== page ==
cronk vs honk what difference

what is difference between cronk and honk

English

Etymology 1

Imitative. Compare quonk.

Verb

cronk (third-person singular simple present cronks, present participle cronking, simple past and past participle cronked)

  1. To honk like a goose.

Noun

cronk (plural cronks)

  1. The honking sound of a goose.

Etymology 2

Probably from British dialect crank (unwell, ill, weak, weak-minded).

Adjective

cronk (comparative more cronk, superlative most cronk)

  1. (Australia, colloquial, obsolete) Unwell, sick.
  2. (Australia, colloquial, obsolete) Of a horse, broken down, not useful as a work horse due to illness or infirmity.
  3. (Australia, colloquial, obsolete) Illegal; dishonest.
  4. (Australia, colloquial, obsolete) No good; bad.

Etymology 3

Noun

cronk (plural cronks)

  1. (Isle of Man) A hill or barrow.

Manx

Etymology

From Old Irish cnocc, from Proto-Celtic *knokkos (hill).

Noun

cronk m (genitive singular cruink or crink, plural cruink or crink)

  1. hill
  2. mount
  3. tor

Derived terms

  • crongan

Mutation


Middle English

Alternative forms

  • cranke

Etymology

From Old English cranc, from Proto-Germanic *krankaz.

Pronunciation

  • IPA(key): /krɔnk/

Noun

cronk

  1. (rare) crank (handle for moving a crankshaft).

Descendants

  • English: crank
  • Scots: crank

References

  • “crank, n.”, in MED Online, Ann Arbor, Mich.: University of Michigan, 2007, retrieved 2018-07-07.


English

Etymology 1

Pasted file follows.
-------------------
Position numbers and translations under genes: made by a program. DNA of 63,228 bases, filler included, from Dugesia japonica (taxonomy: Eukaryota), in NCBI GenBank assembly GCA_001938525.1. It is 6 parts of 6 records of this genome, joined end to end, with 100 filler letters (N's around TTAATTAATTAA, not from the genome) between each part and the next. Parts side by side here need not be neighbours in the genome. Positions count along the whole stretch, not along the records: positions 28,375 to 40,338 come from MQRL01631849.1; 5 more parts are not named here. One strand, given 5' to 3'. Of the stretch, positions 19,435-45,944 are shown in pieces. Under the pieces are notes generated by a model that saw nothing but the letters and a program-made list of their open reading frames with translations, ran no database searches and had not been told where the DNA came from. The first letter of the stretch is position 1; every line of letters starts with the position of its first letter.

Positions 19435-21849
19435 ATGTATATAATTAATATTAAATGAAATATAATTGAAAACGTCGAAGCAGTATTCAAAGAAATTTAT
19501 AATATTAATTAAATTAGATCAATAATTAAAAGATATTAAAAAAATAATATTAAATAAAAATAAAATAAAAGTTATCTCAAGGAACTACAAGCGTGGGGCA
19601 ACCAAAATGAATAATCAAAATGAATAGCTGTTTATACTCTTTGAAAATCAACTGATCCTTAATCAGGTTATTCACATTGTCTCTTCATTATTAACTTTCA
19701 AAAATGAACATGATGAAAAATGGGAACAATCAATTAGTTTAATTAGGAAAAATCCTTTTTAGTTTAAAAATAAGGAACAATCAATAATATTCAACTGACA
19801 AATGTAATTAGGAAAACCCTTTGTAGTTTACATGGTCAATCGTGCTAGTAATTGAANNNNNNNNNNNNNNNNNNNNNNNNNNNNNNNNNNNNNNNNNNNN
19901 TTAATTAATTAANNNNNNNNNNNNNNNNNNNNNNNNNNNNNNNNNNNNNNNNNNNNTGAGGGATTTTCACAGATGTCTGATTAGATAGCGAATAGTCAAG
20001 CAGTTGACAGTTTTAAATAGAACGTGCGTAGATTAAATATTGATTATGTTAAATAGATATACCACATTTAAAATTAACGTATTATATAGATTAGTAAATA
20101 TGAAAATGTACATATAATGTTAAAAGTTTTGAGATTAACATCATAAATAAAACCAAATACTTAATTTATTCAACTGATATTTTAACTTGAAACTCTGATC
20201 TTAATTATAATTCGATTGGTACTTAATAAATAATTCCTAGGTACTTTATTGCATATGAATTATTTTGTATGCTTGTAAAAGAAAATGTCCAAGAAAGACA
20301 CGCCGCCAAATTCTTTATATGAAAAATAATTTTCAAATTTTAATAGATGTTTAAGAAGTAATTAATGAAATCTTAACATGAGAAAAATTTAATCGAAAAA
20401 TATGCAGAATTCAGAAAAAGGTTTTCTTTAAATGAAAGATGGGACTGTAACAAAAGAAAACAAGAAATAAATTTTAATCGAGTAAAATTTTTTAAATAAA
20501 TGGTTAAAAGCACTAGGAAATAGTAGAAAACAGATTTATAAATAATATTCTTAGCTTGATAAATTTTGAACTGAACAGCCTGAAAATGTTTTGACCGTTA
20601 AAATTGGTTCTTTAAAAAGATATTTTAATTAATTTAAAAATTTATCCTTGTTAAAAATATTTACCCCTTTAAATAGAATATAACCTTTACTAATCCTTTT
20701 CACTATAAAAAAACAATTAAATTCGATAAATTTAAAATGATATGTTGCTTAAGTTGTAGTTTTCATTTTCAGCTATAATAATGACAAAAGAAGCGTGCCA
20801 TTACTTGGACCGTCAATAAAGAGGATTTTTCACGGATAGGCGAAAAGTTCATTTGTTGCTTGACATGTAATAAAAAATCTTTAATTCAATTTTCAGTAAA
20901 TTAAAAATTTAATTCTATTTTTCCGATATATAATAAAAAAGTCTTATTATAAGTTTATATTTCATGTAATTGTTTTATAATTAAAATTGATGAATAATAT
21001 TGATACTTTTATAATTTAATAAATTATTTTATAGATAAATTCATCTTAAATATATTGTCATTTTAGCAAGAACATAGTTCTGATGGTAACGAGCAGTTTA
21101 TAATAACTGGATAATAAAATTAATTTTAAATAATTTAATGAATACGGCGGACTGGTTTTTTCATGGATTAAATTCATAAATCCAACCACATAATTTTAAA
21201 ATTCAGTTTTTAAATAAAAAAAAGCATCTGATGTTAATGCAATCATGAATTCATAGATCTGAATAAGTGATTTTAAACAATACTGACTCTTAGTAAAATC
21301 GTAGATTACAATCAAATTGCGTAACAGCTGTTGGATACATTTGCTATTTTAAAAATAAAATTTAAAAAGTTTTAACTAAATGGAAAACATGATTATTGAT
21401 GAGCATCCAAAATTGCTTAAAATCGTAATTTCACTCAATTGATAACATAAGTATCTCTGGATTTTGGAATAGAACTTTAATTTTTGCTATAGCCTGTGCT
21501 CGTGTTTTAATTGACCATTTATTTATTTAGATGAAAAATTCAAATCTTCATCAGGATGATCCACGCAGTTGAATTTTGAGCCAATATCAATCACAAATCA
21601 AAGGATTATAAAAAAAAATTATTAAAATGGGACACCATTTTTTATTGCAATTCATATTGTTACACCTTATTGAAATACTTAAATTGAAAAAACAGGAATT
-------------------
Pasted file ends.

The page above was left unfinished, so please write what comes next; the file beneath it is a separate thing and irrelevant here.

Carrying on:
Onomatopoeic.

Pronunciation

  • (Received Pronunciation) IPA(key): /hɒŋk/
  • (General American) IPA(key): /hɑŋk/, /hɔŋk/
  • Rhymes: -ɒŋk

Verb

honk (third-person singular simple present honks, present participle honking, simple past and past participle honked)

  1. (transitive, intransitive) To use a car horn.
  2. (intransitive) To make a loud, harsh sound like a car horn.
  3. (intransitive) To make the vocal sound of a goose.
  4. (slang) To vomit: regurgitate the contents of one’s stomach.
  5. (slang) To have a bad smell.
  6. (informal) To squeeze playfully, usually a breast or nose.

Derived terms

  • honker
  • honking
Translations

Noun

honk (countable and uncountable, plural honks)

  1. The sound produced by a typical car horn.
  2. The cry of a goose.
  3. (informal) A bad smell.
Translations

Interjection

honk

  1. Imitation of car horn, used, for example, to clear a path for oneself.
Translations

Etymology 2

Noun

honk (plural honks)

  1. Clipping of honky.

Anagrams

  • Kohn, khon

Dutch

Etymology

From Middle Dutch honc, likely through Old Dutch from Proto-Germanic *hank-, *hunk-. Only has cognates in the Frisian languages and possibly in the Old High German placename Hancwin. Since cognates outside of Germanic are lacking, the word is probably of substrate origin. Possibly related to haak (hook) and hoek (corner).

Pronunciation

  • IPA(key): /ɦɔŋk/
  • Hyphenation: honk
  • Rhymes: -ɔŋk

Noun

honk n (plural honken, diminutive honkje n)

  1. (somewhat rare) home, place where one belongs, shelter
  2. (games) base (safe zone, e.g. in baseball and similar sports)

Synonyms

  • (home): thuis, heem

Derived terms

  • honkbal
  • honkvast
  • jeugdhonk
  • krachthonk

Descendants

  • Papiamentu: honk (dated)

References


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